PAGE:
The Glorious Impact Of Revival
[Editor’s Note: The following example illustrates how the Lord is able to begin a great spiritual awakening through the devotion, prayers and preaching of a godly man – in this case Jonathan Edwards (1703 – 1758). May the Lord likewise stir hearts today toward consecration, prayer and ministry with the hope that He will pour out revival in our day!]
Jonathan Edwards was spiritually converted while reading First Timothy 1:17, “Now unto the King eternal, immortal, invisible, the only wise God, be honor and glory for ever and ever. Amen.” This Word of God took possession of his heart: he experienced an inner view of the glory of the infinitely excellent God, and he felt a desire to be rapt up to this glorious God, to be swallowed up in Him forever. He was pleased that this glorious God should be sovereign in the disposal of all things. This was when he was seventeen years of age, after graduating from Yale College.
He began to discipline himself to be of utmost service to God. He wrote, “I resolved to live with all my might while I do live, in the most profitable way I possibly can.” He planned his life carefully, eating moderately. He examined himself nightly. By the grace of the Lord Jesus Christ, he strove to overcome pride, and a tendency to dogmatism and brusqueness of manner, and every sinful inclination. He cultivated an invariable benevolence of speech and temper. But when he considered the holiness of God and the infinite heights of the law, he felt that he had bottomless depths of corruption and deceit in his heart. He was constantly conscious of God’s presence. The love of God flared up like sweet burning in his heart. He seemed to himself at times as if he were alone in the mountains, swallowed up in God. Holiness appeared beautiful to him. Read from Mr. Edwards’ own words:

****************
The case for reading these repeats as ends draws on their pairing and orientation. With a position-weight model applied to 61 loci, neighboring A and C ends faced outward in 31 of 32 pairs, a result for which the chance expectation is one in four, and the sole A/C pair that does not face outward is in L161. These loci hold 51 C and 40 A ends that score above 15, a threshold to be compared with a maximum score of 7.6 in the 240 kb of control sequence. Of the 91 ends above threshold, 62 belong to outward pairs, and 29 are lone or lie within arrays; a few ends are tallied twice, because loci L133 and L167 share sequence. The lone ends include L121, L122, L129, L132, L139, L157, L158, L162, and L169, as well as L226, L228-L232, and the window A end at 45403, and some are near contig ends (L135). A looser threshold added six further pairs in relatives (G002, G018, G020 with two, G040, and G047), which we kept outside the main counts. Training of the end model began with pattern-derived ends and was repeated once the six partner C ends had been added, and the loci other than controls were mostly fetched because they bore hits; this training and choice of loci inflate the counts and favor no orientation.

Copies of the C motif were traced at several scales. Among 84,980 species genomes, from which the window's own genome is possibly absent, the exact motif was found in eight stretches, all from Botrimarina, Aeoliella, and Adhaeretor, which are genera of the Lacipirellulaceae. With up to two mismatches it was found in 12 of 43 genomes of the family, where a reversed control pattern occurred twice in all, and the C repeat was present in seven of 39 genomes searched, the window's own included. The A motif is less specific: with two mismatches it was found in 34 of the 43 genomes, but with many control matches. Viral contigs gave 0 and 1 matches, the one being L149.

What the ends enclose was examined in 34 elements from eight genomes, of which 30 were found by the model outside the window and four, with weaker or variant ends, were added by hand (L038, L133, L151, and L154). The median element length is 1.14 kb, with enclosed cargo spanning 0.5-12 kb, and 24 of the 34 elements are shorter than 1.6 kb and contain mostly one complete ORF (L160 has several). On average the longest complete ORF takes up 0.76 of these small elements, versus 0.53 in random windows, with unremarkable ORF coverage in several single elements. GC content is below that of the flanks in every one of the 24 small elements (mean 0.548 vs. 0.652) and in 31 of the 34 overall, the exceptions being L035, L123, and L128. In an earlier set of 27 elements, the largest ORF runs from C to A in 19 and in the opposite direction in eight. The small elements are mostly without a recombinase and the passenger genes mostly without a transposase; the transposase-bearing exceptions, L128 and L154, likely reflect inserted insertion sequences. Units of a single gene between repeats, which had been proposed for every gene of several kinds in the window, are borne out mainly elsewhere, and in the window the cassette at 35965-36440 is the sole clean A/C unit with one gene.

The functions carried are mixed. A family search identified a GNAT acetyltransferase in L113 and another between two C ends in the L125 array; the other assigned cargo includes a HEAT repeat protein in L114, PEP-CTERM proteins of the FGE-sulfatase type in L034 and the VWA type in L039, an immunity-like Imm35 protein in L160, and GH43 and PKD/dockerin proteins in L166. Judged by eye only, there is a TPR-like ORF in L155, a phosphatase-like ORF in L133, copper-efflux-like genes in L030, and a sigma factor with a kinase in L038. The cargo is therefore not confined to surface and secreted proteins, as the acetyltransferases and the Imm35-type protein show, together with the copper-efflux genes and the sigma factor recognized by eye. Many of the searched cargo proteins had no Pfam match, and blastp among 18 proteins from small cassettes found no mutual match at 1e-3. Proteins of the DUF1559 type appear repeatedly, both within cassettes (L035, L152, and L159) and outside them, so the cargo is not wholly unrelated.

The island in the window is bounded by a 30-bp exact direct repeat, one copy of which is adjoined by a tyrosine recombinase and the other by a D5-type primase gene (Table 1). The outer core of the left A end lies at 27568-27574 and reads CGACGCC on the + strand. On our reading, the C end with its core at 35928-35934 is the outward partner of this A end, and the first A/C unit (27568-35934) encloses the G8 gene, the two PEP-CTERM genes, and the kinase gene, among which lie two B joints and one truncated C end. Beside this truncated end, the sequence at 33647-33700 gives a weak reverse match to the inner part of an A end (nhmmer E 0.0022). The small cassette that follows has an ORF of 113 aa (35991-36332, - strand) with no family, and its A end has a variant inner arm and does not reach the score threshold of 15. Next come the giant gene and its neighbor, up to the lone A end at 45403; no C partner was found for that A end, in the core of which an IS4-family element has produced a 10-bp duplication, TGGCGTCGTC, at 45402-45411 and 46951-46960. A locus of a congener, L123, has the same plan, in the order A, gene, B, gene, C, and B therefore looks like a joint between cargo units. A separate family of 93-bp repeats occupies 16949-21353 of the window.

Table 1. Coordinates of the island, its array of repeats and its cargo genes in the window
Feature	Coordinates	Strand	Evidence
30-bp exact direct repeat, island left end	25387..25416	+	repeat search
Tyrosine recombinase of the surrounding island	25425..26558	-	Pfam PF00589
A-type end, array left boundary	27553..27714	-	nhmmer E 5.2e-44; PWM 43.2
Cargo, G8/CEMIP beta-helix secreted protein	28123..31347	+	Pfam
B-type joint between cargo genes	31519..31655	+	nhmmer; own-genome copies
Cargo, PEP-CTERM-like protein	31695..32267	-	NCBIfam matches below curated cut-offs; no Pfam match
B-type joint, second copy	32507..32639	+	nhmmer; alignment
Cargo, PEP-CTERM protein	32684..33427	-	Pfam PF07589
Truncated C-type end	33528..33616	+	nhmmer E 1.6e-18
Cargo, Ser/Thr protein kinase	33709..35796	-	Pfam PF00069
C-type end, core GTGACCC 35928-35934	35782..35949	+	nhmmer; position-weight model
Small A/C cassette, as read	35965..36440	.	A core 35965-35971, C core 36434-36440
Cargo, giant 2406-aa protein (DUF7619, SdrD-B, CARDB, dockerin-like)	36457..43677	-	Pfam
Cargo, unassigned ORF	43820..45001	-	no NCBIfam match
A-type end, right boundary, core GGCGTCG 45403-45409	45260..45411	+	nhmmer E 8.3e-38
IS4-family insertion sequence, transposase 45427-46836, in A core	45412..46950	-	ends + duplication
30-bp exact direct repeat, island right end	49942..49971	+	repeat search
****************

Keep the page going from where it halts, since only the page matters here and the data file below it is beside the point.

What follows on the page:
“Once, as I rode into the woods…having alighted from my horse in a retired place, as my manner commonly has been, to walk for divine contemplation and prayer, I had a view that for me was extraordinary, of the glory of the Son of God as Mediator between God and man, and His wonderful, great, full, pure, and sweet grace and love, and meek and gentle condescension. This grace that appeared so calm and sweet, appeared also great above the heavens.
“The person of Christ appeared ineffably excellent, with an excellency great enough to swallow up all thought and conception…I felt an ardency of soul to be, what I know not otherwise how to express, emptied and annihilated; to lie in the dust, and to be full of Christ alone; to love Him with a holy and pure love; to trust in Him; to live upon Him; to serve and follow Him; and to be perfectly sanctified and made pure with a divine and heavenly purity. I have several other times had views very much of the same nature and…effects.”
Edwards is considered one of the few really great theologians of the English speaking world. He became pastor of the Congregational Church of Northampton, Massachusetts.